I recently read an article I found especially accurate in way Mexico really is. I have personally experienced many of the examples that Linda Ellerbee talks about in her article:

Mexico, One Journalist’s View By Linda Ellerbee

Sometimes I’ve been called a maverick because I don’t always agree with my colleagues, but then, only dead fish swim with the stream all the time. The stream here is Mexico .

You would have to be living on another planet to avoid hearing how dangerous Mexico has become, and, yes, it’s true drug wars have escalated violence in Mexico , causing collateral damage, a phrase I hate. Collateral damage is a cheap way of saying that innocent people, some of them tourists, have been robbed, hurt or killed.

But that’s not the whole story. Neither is this. This is my story.

I’m a journalist who lives in New York City, but has spent considerable time in Mexico , specifically Puerto Vallarta, for the last four years. I’m in Vallarta now. And despite what I’m getting from the U.S. media, the 24-hour news networks in particular, I feel as safe here as I do at home in New York, possibly safer.

I walk the streets of my neighborhood alone day or night. And I don’t live in a gated community, or any other All-Gringo neighborhood. I live in Mexico . Among Mexicans. I go where I want (which does not happen to include bars where prostitution and drugs are the basic products), and take no more precautions than I would at home in New York; which is to say I don’t wave money around, I don’t act the Ugly American, I do keep my eyes open, I’m aware of my surroundings, and I try not to behave like a fool.

I’ve not always been successful at that last one. One evening a friend left the house I was renting in Vallarta at that time, and, unbeknownst to me, did not slam the automatically-locking door on her way out. Sure enough, less than an hour later a stranger did come into my house. A burglar? Robber? Kidnapper? Killer? Drug lord?

No, it was a local police officer, the "beat cop" for our neighborhood, who, on seeing my unlatched door, entered to make sure everything (including me) was okay. He insisted on walking with me around the house, opening closets, looking behind doors and, yes, even under beds, to be certain no one else had wandered in, and that nothing was missing. He was polite, smart and kind, but before he left, he lectured me on having not checked to see that my friend had locked the door behind her. In other words, he told me to use my common sense.

Do bad things happen here? Of course they do. Bad things happen everywhere, but the murder rate here is much lower than, say, New Orleans, and if there are bars on many of the ground floor windows of houses here, well, the same is true where I live, in Greenwich Village, which is considered a swell neighborhood — house prices start at about $4 million (including the bars on the ground floor windows.)

There are good reasons thousands of people from the United States are moving to Mexico every month, and it’s not just the lower cost of living, a hefty tax break and less snow to shovel. Mexico is a beautiful country, a special place.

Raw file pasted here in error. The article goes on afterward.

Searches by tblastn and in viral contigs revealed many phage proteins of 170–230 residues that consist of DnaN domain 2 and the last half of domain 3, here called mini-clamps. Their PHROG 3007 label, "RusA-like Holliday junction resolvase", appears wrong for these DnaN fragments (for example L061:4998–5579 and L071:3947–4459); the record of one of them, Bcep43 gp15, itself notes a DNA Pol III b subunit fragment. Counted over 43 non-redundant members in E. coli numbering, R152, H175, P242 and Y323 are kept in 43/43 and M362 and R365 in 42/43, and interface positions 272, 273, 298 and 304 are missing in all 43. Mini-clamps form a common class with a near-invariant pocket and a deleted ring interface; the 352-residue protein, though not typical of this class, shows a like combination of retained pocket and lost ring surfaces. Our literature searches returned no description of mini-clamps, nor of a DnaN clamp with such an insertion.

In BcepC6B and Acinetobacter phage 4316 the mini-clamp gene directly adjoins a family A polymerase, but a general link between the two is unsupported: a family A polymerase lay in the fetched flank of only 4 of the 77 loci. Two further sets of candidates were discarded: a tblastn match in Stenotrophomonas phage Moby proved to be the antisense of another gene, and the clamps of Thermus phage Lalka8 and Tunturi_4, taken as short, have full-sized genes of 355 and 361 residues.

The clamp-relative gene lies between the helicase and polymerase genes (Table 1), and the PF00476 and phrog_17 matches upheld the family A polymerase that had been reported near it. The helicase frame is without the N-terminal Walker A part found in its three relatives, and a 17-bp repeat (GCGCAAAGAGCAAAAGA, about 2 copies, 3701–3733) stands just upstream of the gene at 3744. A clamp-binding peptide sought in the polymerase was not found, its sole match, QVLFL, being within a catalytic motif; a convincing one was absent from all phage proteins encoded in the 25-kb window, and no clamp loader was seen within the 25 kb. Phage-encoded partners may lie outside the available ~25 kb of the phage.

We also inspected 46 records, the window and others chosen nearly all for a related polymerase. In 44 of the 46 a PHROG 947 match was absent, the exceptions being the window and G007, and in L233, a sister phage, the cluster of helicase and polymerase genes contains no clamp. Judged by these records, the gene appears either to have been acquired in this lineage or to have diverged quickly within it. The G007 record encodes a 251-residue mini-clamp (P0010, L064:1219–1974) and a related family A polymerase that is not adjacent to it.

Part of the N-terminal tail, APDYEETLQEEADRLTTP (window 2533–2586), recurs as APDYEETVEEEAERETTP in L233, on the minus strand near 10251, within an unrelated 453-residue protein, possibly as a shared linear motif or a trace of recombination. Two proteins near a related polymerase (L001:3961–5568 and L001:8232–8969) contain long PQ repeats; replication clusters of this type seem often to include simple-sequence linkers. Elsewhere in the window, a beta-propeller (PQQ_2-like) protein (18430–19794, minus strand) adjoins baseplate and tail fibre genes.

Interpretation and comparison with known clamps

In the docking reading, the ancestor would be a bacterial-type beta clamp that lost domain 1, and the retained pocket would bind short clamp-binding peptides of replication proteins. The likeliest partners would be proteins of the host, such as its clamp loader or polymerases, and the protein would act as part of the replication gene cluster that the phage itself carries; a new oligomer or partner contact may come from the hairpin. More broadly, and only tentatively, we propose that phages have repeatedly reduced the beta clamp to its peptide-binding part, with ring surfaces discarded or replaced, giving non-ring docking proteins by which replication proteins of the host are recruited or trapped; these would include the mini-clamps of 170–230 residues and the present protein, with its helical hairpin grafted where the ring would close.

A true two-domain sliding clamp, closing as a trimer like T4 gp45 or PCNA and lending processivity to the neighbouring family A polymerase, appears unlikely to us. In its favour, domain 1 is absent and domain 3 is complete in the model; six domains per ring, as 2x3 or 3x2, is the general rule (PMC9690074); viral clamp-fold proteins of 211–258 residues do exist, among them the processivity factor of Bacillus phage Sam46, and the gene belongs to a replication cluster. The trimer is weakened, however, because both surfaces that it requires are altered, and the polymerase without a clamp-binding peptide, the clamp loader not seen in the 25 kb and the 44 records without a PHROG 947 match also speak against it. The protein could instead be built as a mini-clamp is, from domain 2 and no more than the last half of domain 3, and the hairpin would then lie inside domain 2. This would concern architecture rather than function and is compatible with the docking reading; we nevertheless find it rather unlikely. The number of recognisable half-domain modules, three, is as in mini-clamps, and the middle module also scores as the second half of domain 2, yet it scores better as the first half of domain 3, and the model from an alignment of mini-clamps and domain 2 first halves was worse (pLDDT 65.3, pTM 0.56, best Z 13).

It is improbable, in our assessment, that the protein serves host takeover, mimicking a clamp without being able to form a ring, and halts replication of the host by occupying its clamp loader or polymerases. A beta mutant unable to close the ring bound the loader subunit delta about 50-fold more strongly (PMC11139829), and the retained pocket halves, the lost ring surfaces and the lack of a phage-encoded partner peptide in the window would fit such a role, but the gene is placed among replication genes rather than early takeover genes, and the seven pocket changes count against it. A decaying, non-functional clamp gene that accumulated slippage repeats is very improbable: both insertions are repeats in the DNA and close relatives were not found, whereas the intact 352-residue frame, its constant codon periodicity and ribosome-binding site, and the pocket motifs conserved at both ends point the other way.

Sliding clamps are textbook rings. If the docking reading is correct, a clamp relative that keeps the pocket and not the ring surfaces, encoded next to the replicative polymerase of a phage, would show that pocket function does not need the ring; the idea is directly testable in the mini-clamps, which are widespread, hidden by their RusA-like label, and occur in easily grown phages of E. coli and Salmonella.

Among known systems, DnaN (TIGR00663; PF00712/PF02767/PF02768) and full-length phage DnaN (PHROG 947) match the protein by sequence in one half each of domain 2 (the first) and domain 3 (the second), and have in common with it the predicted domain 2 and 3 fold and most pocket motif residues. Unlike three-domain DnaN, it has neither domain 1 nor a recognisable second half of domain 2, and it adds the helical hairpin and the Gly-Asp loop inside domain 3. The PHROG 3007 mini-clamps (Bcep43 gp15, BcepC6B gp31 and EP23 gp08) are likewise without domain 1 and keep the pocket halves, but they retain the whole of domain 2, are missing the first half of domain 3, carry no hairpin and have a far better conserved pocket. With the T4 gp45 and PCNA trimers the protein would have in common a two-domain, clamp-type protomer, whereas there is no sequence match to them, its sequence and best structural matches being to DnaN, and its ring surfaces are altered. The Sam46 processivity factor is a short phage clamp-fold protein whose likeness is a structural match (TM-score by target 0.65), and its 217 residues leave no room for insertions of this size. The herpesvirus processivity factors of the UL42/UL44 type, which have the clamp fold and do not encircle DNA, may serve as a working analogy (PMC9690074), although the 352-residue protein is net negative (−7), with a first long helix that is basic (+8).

The climate varies, but is plentifully mild, the culture is ancient and revered, the young are loved unconditionally, the old are respected, and I have yet to hear anyone mention Britney Spears, Lindsay Lohan, or Madonna’s attempt to adopt a second African child, even though, with such a late start, she cannot possibly begin to keep up with Angelina Jolie.

And then there are the people. Generalization is risky, but— in general — Mexicans are warm, friendly, generous and welcoming. If you smile at them, they smile back. If you greet a passing stranger on the street, they greet you back. If you try to speak even a little Spanish, they tend to treat you as though you were fluent. Or at least not an idiot.

I have had taxi drivers track me down after leaving my wallet or cell phone in their cab. I have had someone run out of a store to catch me because I have overpaid by twenty cents. I have been introduced to and come to love a people who celebrate a day dedicated to the dead as a recognition of the cycles of birth and death and birth — and the 15th birthday of a girl, an important rite in becoming a woman — with the same joy.

Too much of the noise you’re hearing about how dangerous it is to come to Mexico is just that — noise. But the media love noise, and too many journalists currently making it don’t live here. Some have never even been here. They just like to be photographed at night, standing near a spotlighted border crossing, pointing across the line to some imaginary country from hell. It looks good on TV.

Another thing. The U.S. media tend to lump all of Mexico into one big bad bowl. Talking about drug violence in Mexico without naming a state or city where this is taking place is rather like looking at the horror of Katrina and saying, "Damn. Did you know the U.S. is under water?" or reporting on the shootings at Columbine or the bombing of the Federal building in Oklahoma City by saying that kids all over the U.S. are shooting their classmates and all the grownups are blowing up buildings. The recent rise in violence in Mexico has mostly occurred in a few states, and especially along the border. It is real, but it does not describe an entire country.

It would be nice if we could put what’s going on in Mexico in perspective, geographically and emotionally. It would be nice if we could remember that, as has been noted more than once, these drug wars wouldn’t be going on if people in the United States didn’t want the drugs, or if other people in the United States weren’t selling Mexican drug lords the guns.

Most of all, it would be nice if more people in the United States actually came to this part of America (Mexico is also America, you will recall) to see for themselves what a fine place Mexico really is, and how good a vacation (or a life) here can be.

So come on down and get to know your southern neighbors. I think you’ll like it here. Especially the people.